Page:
Philosophy “Changes the Subject”


Much of philosophy simply changes the subject when it brings the world under its analysis.

That is Nellie Wieland (CSU Long Beach) in her review of How To Do Things With Pornography by Nancy Bauer (Tufts). Wieland is describing Bauer’s view, and continues:

When we write about pornography we risk not writing about any phenomenon that tracks the experience of ordinary people. When we describe sex and gender and language (and surely most everything else too, like happiness and knowledge and religion and poverty) we are describing something other than that which is experienced in the world (146-147). Again, this is not a dull claim on her part that philosophers ought to care more about the perspectives of the folk but rather a more interesting one about philosophical authority. If, for example, a feminist writes about the authority of pornographers in structuring sexual subordination, and she does so with an aim of bringing her expertise to bear on a matter of grave political importance, then her work only matters insofar as she is writing about real pornography and not a stilted, technical version of pornography. As I understand Bauer’s argument this is supposed to apply everywhere; analyses of pornography are only an example.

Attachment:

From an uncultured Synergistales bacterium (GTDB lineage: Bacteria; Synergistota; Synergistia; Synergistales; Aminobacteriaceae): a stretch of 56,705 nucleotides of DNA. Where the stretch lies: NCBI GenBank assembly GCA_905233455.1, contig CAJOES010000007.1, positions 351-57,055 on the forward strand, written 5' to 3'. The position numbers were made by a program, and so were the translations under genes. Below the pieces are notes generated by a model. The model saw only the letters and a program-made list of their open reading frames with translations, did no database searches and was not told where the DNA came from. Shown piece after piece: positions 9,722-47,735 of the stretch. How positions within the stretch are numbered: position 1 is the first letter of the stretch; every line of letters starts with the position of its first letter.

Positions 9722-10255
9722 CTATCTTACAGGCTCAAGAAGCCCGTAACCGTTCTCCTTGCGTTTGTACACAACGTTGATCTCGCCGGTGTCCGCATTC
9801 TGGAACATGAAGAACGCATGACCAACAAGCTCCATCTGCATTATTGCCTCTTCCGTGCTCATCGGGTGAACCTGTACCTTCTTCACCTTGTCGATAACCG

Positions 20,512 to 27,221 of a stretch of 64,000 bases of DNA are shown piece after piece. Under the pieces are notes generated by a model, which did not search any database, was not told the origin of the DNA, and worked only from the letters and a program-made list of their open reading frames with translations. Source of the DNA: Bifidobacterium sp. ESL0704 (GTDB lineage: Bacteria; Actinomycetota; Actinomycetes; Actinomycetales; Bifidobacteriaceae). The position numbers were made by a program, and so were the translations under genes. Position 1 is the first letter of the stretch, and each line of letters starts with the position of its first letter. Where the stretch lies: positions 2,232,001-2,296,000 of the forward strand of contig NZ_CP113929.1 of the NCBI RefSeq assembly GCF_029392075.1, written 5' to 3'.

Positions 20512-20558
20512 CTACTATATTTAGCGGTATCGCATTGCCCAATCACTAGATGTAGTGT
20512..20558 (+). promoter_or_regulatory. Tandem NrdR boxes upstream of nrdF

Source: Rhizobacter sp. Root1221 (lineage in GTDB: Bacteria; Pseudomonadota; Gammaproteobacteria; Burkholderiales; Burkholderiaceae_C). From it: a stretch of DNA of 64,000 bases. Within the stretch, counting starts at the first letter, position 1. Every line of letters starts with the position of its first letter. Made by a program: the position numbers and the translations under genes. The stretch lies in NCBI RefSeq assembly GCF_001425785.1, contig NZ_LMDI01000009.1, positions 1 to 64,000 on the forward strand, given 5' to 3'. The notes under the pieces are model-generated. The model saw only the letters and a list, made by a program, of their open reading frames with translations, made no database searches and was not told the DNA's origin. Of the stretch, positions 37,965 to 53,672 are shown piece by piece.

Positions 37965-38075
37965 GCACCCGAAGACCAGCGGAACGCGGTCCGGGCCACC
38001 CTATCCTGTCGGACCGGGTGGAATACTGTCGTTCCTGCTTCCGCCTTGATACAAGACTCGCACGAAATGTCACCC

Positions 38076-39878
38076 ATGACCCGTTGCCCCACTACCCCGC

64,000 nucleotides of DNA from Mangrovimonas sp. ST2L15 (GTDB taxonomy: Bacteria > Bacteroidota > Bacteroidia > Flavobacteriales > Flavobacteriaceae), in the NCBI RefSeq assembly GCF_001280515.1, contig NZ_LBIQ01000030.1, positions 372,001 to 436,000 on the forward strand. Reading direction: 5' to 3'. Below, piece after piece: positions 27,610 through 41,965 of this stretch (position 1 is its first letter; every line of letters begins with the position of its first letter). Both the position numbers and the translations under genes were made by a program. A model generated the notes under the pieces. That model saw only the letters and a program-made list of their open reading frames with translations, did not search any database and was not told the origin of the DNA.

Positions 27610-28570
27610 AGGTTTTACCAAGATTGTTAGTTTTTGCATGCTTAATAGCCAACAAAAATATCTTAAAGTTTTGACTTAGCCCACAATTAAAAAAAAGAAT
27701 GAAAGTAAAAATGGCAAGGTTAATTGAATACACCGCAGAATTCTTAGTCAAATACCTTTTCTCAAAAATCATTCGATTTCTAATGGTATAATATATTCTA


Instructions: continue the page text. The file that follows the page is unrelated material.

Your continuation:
The idea that philosophers “simply change the subject” and in doing so lose authority is provocative and plausible sounding (a possible interpretation of Wittgenstein’s “philosophical problems arise when language goes on holiday”?). What are other examples of this, besides analyses of pornography?

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Kevin DeLapp
Kevin DeLapp
6 years ago

I wonder if the way philosophers commonly present certain ideas in logic might qualify as changing the subject in Wieland/Bauer’s sense: the material conditional, while representing an important conceptual relationship, strikes most of my students as an artificial “stilted, technical version” of the actual ways conditionals are used. A second example that comes to mind might be the way that ethicists and metaethicists construct theories based on notions of psychopathy or sociopathy which seem overly idealized.

On the other hand, maybe sometimes it’s good that philosophers change the subject, if a certain folk conception is too simplistic. For instance, a lot of the popular debate about the ethics of genetic cloning seems guilty of having changed the subject away from what the actual science would involve. Philosophers can help change it back properly. So I guess when Wieland writes that subject-changing can happen when philosophy “brings the world under its analysis,” it might depend on what we mean by “the world”–do folk intuitions count as part of the world under analysis?Report